Hyderabad has been the meeting place of
many different cultures and traditions. Historically,
Hyderabad has been the city where the distinct cultural and
linguistic traditions of North India and South India meet. The
Muslim culture of Hyderabad has fused with south Indian
traditions of the region.
Hyderabad is a unique cosmopolitan city and home to people
practicing Christianity, Hinduism, Islam, Jainism, and
Zoroastrianism. Hyderabadis have developed their own
distinctive culture, which is a mixture of the centuries old
Islamic Culture and the Hindu traditions of the Telugu people.
Telugu and Urdu are the principal languages spoken in
Hyderabad. Telugu being the official language of Andhra
Pradesh (and the second largest language in India after
Hindi), is widely spoken here. Hyderabad has always had one of
the largest Urdu speaking populations in India, and the famous
Osmania University here was the first Urdu medium university
Deccani, a dialect of Urdu and Hindi, is spoken and understood
there. Both Urdu and Telugu have linguistically impacted on
each other in this region. The Telugu dialect spoken in
Hyderabad and rest of Telangana is very distinct from the one
spoken in coastal Andhra. A large percentage of the population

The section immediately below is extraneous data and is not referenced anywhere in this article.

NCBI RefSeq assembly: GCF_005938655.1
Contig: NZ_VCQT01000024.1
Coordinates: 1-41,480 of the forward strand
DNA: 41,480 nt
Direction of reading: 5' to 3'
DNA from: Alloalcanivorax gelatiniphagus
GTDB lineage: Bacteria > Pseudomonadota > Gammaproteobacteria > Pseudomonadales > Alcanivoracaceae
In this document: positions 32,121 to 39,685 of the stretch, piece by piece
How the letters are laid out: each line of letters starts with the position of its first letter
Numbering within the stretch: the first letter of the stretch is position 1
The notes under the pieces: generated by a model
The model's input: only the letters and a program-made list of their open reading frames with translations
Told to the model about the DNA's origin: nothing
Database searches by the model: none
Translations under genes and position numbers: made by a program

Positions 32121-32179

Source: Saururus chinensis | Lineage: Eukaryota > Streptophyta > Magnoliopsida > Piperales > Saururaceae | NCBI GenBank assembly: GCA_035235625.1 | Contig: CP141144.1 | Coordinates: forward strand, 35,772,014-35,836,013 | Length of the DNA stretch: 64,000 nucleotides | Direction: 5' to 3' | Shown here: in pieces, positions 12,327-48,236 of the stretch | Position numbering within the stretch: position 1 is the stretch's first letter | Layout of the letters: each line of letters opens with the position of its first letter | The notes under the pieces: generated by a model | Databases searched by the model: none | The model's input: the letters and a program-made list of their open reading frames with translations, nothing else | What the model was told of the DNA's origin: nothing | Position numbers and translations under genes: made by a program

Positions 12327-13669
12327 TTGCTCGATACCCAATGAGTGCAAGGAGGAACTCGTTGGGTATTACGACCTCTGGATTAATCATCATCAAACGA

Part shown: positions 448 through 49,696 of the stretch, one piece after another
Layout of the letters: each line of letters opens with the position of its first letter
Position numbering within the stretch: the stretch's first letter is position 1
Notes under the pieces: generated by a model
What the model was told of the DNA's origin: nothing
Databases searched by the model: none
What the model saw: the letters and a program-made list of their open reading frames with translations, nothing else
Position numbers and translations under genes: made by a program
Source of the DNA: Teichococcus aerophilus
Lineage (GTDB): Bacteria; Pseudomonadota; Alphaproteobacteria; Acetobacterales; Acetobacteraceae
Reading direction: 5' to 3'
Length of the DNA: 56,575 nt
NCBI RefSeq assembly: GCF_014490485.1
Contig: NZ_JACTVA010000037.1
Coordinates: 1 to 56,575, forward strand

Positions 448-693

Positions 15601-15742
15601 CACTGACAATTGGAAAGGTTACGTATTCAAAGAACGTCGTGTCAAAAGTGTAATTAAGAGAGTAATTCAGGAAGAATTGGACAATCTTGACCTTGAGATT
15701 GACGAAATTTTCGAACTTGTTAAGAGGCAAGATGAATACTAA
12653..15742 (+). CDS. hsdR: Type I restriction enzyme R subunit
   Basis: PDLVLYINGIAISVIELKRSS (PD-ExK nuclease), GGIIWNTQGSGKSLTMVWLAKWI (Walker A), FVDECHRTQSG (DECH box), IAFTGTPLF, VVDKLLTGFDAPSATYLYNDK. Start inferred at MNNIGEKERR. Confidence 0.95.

is also well-versed in English.
Women of all cultures and faiths in Hyderabad typically wear
either the traditional Indian dress, the sari, or,
increasingly, the Shalwar Qamis especially among the younger
population. A large percentage of Muslim women in the city
wear either the burqa or the hijab. The traditional Hyderabadi
garb for females are the Khara Dupatta and the Shalwar Qamis,
and for the males, it is the Sherwani. This one of the more
visible cultural attributes of Hyderabad.
Hyderabadi cuisine is a blend of heavy Mughal influences,
traditional Andhra and Telangana cuisine. A number of
restaurants have come up that serve a variety of cuisines. All
the major hotels in city host one or more restaurants that are
popular among the cityfolk.
The most famous dish of Hyderabad is Hyderabadi Biryani. Other
culinary delights include Khubani ka Mitha, Pheni (a sweet
vermicelli delicacy eaten during the festival of Diwali) and
Haleem (a meat dish traditionally eaten by Muslims during the
holy month of Ramadan).
Indian Mithai(sweet) shops are famous for their pure ghee
sweets. Karachi Bakery near Mau'zzam Jahi Market, Nampally, is
popular for making biscuits including the local Osmania
biscuits. A family residing in Azeez Bagh palace in the old
part of the city is famous for the preparation of Badaam Ki
jaali (Almond lattice confection).
The more popular restaurants in the Twin Cities are the Madina,
Bawarchi, Cafe Bahar and the Golden Persis at Paradise Corner
in Secunderabad. Other restaurant chains in the city include
The Taj Mahal, Kamat Hotel, and Hyderabad House.
Also widely found on the corners of every street are the
cafe's which offer 'Irani chai' and 'Osmania biscuit'. People
sit leisurely over a cup of 'chai' and talk for hours. The
waiter's do not write down the order but have a remarkable
memory of making the exact bill even after hours.
Hyderabad is also a major centre for Art, and some leading
painters have been associated with Hyderabad - M. F. Hussain,
Vaikutam, K V Sridhar (Pops), Laxma Goud and Jagdish Mittal
(renowned collector of Indian modern art).